More particularly, the invention will be described with reference to a class of models wherein the model represents the average relative positions of a specified set of 2D point positions on the knee, along with a mathematical description of the way these relative positions vary in normal circumstances among individuals or in a particular individual with the passage of time or due to an intervening circumstance, such, for example, as the progression of a disease. Practice of the present invention is posited upon the existence of a mathematical model of ‘plausible’ morphologies, wherein morphology encompasses shapes and shape variation, and may also encompass other aspects of appearance such as the texture of a modeled object. A method, described below, is employed for applying the model to data obtained from an image of an actual knee. The method is not, however, specific to any particular placement of the point set, and is illustrated in FIG. 2, purely by way of example, and without limitation, as a set of points (or ‘landmarks’) 20 placed automatically, or semi-automatically, on the tibial spines, peripheral boundaries of the joint, margins of the femoral condyles and tibial plateau. A ball-bearing 25, used as a calibration target of known diameter, to allow measurements to be expressed in standard units of length, may also be found in the image shown in FIG. 2.
During run-time application of embodiments of the present invention, the specified points are preliminarily identified (a process referred to, herein, as segmentation), in an image of a knee joint, by a program element trained to identify these positions. In semi-automatic analysis, the user of the application is asked to define some subset (proper or full) of the landmarks on the knee radiograph (larger dots 26 in FIG. 2) that were identified, either automatically or semi-automatically, in creation of the deformable statistical template. These positions are defined in such a manner as to effectively ‘describe’ the radiographic appearance of the knee—whether by relation to extremal features or otherwise.
Even though the precise morphology of the knee joint varies among subjects and changes with time, these landmarks remain identifiable, for the most part. The template is statistical in that it models the distribution (with the mean and ‘normal’ variation, or other moments serving, without limitation, as representative characterizations) of the radiographic appearance (as discussed above) of the knee across an ensemble of subjects. The template, thus, allows for parameterization of the morphology in terms of a finite number of values, with the present invention independent of any particular scheme of parameterization.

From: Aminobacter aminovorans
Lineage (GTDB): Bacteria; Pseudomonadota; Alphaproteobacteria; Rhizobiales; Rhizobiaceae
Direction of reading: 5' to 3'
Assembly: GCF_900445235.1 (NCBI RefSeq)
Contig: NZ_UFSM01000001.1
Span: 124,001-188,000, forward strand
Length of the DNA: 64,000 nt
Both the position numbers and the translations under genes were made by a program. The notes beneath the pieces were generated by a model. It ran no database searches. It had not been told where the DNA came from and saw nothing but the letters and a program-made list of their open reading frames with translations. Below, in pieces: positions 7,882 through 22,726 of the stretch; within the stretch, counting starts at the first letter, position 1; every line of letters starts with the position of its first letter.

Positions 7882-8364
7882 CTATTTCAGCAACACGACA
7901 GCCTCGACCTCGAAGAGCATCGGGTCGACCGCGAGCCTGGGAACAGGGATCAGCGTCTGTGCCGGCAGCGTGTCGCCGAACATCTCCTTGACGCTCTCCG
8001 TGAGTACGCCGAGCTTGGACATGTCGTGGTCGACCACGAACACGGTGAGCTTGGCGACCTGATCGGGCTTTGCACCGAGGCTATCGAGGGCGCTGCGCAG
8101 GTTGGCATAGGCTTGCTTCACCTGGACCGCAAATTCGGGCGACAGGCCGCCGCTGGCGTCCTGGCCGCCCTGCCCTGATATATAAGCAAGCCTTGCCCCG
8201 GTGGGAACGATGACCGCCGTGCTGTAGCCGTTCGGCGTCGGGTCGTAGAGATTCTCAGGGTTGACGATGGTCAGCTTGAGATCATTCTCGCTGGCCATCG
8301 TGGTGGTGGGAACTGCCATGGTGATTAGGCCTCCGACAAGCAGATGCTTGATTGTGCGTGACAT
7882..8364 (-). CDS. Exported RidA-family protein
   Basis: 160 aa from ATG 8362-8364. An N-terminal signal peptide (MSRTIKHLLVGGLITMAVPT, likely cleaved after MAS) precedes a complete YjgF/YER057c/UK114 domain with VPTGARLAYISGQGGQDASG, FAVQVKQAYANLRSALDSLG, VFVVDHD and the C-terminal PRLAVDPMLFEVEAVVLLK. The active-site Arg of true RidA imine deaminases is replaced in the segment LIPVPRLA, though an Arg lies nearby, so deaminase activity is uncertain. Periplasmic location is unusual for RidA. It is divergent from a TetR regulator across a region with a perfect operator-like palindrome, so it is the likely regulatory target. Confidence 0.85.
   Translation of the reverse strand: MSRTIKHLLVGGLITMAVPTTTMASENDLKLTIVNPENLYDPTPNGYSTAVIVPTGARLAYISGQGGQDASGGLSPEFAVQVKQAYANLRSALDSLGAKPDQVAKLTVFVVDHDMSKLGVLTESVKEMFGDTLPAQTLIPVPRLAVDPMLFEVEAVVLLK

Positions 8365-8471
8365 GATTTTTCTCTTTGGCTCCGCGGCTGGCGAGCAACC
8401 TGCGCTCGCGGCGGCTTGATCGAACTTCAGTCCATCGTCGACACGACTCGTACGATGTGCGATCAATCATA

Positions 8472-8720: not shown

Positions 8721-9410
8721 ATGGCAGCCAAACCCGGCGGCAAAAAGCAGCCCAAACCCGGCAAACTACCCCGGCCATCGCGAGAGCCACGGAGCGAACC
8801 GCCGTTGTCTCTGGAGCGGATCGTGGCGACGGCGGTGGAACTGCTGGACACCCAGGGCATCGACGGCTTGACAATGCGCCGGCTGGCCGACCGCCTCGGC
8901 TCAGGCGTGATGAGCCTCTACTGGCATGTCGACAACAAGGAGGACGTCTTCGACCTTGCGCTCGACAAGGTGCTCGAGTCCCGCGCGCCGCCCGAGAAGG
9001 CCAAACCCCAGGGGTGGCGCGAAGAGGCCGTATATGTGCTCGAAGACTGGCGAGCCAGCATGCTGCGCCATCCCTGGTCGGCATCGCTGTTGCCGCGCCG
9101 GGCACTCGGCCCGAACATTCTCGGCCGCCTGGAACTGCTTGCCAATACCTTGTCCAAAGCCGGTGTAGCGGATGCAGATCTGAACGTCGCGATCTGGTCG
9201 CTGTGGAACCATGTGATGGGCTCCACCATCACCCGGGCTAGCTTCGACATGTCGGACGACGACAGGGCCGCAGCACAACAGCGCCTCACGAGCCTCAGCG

A mathematical model of the plausible positions of points may be built, for application in the present invention, as now described. A set of training 2D data blocks, are taken from an ensemble of radiographic images of knees. These data may be augmented by manual adjustment prior to the process of model building.
For the purpose of building a model, the relative positions of the 2D points are consequential rather than their ‘absolute’ space-referenced positions. Thus, in building the model, the first step is typically to align each frame of 2D data to a common reference frame, as may be achieved by using one of various standard alignment techniques, such as by ‘Procrustes Analysis’, which is described by Horn, Closed Form Solution of Absolute Orientation Using Unit Quaternions, J. Optical Society, vol. A 4, pp. 629-42 (April, 1987), which is incorporated herein by reference.
The model provides for a compact mathematical description of the variation in relative 2D point positions among frames of the training data. Once the data are aligned, this can be done by one or more of several types of statistical modeling techniques, including, for example, ‘Principal Component Analysis’ as described by Johnson and Wichern, in Applied Multivariate Statistical Analysis, pp. 458-513 (5^{th }Edition, 2002).
In one set of embodiments, the model may consist of an ‘average’ shape for the 2D data along with a set of mathematical functions which describe how the shapes can change. By feeding a vector of control numbers or ‘model parameters’ into the mathematical functions any plausible set of 2D point coordinates can be generated. While the model parameters may span a space of model shape excursions, such is not necessarily the case for practice of the invention as claimed. Moreover, the model may be linear, in the sense in which motions correspond to linear combinations of points moving along straight lines (rather than, for example, arcs or curves). However, the invention is not limited in its applicability to such models.